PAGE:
Kassala

casala

The capital of the state of Kassala in eastern Sudan. Cassala is a city in the state of Kassala Wilayat Kassala in Sudan. Cassala: Kassala is a city in eastern Sudan near the Eritrean border.

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Cassala is a town in the state of Kassala Wilayat Kassala in Sudan. Busses run from Kassala to Khartoum (7 hours), Gedarif (3 hours) and Port Sudan (7 hours). Minor busses and vans drive to places around Kassala, such as Halfa al-Jadida, Khashm al-Ghirba and Aroma. For entry to Kassala you need an entry visa, which will be thoroughly examined at the entry to the town, shortly before arrival at the school.

You may have difficulty getting back in if you are leaving town on a full-time excursion. From March 2010, the Kassala authorisation can be obtained at the Licensing Office opposite the Hotel Dandas (south-east edge of the intersection) with a photograph, three photocopies of your Sudanese visa and your Sudanese visa and a local application document.

Located in Kassala's central coach terminal on the road from Khartoum to Port Sudan, Souq ash-Sha'abi is quite far from the center of the capital. Among the busses a visitor should use are Khatmiya (for the old center of Khatmiya, the tomb of Seyid Hassan and the cafés on Totil Mountain), Souq ash-Sha'abi (for the intercity train station), Banat (for the Gash riverbank and the rail colonies ) and the trucks to Sawagi Janubiya and Sawagi Shamaliya, the two agricultural areas to the east and west.

There are not many cabs and no rickshaws in Kassala. The" Woman's Souq" is the name of the kitchen where cups, grates, coffeemakers and frankincense are produced. The Khatmiya is the old part of Kassala, under the Taka, Totil and Aweitila hills (huge, you can't miss them). Over the grave you can reach the Jebel Totil.

At the lower hillsides, several cafés are integrated into the rocks, which serve the best coffees from Kassala. There' also the renowned fountain of Totil. Drinking from it means that one of these days you will go back to Kassala. Kassala is crossed by the river Gash, but most of the year it is a river bed of sand that is used for soccer training in the evening.

During the wet seasons, the waters flow down from the erithrean hills and flow through the town, making the shores a favourite place for evening walks. But the gas is a hazardous stream that has recently been inundated twice (07 and 03) and has severely damaged the whole town.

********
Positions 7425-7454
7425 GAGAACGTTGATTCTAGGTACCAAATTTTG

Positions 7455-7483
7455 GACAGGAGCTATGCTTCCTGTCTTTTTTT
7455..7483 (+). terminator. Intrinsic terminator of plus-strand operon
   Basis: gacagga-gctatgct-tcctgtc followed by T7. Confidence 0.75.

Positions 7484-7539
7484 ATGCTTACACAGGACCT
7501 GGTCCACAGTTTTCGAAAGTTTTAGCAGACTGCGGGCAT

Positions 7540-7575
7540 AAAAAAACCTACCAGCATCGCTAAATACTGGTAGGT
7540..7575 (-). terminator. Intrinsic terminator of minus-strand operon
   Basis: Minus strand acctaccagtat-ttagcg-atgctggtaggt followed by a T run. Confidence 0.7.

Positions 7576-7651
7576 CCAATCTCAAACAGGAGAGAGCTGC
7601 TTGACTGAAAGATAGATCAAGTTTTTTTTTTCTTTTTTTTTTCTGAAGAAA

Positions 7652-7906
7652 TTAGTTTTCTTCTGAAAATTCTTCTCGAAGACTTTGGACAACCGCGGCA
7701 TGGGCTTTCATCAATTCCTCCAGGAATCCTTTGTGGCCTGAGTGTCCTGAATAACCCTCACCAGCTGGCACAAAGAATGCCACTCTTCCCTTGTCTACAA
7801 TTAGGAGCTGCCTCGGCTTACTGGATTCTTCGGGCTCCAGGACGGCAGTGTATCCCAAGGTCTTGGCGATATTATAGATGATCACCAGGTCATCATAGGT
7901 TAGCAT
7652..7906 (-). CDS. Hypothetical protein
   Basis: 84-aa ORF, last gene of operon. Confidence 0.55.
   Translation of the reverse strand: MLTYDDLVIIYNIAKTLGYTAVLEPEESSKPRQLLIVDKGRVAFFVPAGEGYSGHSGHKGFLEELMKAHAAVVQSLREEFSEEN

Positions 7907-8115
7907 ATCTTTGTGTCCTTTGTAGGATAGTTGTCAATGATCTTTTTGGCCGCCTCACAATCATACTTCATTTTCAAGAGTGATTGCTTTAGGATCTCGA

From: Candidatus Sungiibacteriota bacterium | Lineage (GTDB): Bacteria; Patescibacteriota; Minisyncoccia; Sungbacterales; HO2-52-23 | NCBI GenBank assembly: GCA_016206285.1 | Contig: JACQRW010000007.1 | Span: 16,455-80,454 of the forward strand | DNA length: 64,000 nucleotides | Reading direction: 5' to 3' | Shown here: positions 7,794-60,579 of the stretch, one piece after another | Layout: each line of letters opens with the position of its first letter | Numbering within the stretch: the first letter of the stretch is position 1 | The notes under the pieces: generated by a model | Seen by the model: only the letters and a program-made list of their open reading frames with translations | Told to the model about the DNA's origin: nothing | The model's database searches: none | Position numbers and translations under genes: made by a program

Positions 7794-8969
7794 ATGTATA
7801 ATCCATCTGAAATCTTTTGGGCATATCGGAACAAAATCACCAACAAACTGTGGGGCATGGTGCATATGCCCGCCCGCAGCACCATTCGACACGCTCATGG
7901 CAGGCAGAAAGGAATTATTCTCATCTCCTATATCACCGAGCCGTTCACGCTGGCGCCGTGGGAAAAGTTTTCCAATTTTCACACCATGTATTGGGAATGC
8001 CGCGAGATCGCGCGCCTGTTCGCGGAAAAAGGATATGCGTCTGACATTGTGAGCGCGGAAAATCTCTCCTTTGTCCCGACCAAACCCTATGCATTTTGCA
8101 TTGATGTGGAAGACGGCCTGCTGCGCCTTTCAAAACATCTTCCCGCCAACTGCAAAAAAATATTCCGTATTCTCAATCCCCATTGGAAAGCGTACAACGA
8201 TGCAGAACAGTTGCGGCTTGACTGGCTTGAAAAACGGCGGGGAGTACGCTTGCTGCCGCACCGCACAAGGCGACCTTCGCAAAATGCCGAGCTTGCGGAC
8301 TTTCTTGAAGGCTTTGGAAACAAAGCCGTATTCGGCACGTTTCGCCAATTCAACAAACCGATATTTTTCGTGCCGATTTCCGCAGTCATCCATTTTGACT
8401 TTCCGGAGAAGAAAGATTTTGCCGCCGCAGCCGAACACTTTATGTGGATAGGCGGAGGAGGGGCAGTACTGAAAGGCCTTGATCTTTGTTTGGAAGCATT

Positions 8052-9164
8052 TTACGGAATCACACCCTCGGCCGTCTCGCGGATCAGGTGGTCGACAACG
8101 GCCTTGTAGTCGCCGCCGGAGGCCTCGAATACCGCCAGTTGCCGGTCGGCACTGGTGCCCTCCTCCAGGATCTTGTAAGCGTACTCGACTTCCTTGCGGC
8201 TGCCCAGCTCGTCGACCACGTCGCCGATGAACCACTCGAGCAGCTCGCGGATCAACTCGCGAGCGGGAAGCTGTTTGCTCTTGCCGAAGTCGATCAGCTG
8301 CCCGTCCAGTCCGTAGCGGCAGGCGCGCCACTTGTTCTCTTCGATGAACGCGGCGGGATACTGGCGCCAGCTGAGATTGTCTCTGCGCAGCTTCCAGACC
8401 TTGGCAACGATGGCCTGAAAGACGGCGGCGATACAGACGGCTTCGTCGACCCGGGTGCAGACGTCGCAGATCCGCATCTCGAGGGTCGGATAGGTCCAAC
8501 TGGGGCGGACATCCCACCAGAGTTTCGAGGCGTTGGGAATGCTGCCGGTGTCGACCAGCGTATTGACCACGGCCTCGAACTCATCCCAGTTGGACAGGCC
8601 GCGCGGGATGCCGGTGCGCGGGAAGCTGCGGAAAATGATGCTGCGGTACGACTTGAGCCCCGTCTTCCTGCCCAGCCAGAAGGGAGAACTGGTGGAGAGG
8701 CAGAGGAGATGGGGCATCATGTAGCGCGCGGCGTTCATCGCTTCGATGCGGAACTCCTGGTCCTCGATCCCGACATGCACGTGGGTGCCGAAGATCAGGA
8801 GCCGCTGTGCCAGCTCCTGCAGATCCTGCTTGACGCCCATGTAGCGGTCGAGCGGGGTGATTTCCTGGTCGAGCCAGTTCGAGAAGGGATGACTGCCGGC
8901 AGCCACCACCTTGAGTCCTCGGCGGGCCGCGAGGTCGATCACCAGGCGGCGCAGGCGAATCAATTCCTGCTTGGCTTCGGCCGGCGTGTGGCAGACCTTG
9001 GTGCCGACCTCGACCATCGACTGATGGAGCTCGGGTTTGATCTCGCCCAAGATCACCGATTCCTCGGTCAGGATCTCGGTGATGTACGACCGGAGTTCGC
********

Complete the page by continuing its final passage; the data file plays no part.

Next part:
Ascend Totil Hill and enjoy the stunning view of Kassala and the Wad Sherifei and Eritrea shelter. Have a cup of coffe at one of the hundred stands in Kassala or in a café on Totil-Berg. About five kilometers along the gas, and when it's arid, you can head for the hills and Khatmiya.

Cassala is renowned for its coffees, which have been traditionaly drunk in a jug named elbbana. In souq an-Niswan these are quite inexpensive, as are wood mortars and pestle for milling the ground broadleaves, roast bowls, stand for jebbanas and small coffeecups. The bean purée (Fuul) is the central course in Kassala, and there are many states.

It also serves baylava and other candies and is one of the few cafés in Kassala where native girls dine. If you want to try other regional foods, such as ttagaliya and boamiya (both okra-based), accompanied by guuraasa (a sponge cake bread) or cisra ( "very thin, slightly tart bread"), and various pieces of meats (ask for shiya if you don't feel like offal), try some of the central part of the Souq' restaurant.

In Khatmiya the coach crosses a cattle fair opposite a large graveyard. Here there are booths for the sale of lambs, which are prepared to order and boiled in the next room's restaurants. Cassala is renowned for its jebbana flavoured with zincabile (ginger) and girfa (cinnamon) and eaten in a ton jug with Frankincense and poppcorn on the side.

For a complete cure, the best place is in one of the cafés on the hillsides of Totil. Kassala is otherwise full of stands where you can buy small coffeepots made from small Pif-Paf tins. iebbana - coffe bi dadahiil - with a lot of gingerbread and spices. ie bawa khaifiif - with a little bit of it.

baliiga - without gingerbread. unsaliiga - without gingerbread. smay - tee. smay kilkedeh - rose hibiscust tee. smay bi laboran - tee with warm cream. yawgu yumaada - with clumpy pieces of cream (some ask for it!). yay Farani - literal "French tea", that is actually cream with cream.

In Kassala, fruit juice is delicious and freshly prepared at many stands in the shop so that you can order it without adding sugars. The Telal ash-Sharq and the Hipton are two of the best in Kassala. Other are Safa, Bashir, Totil and Medina.

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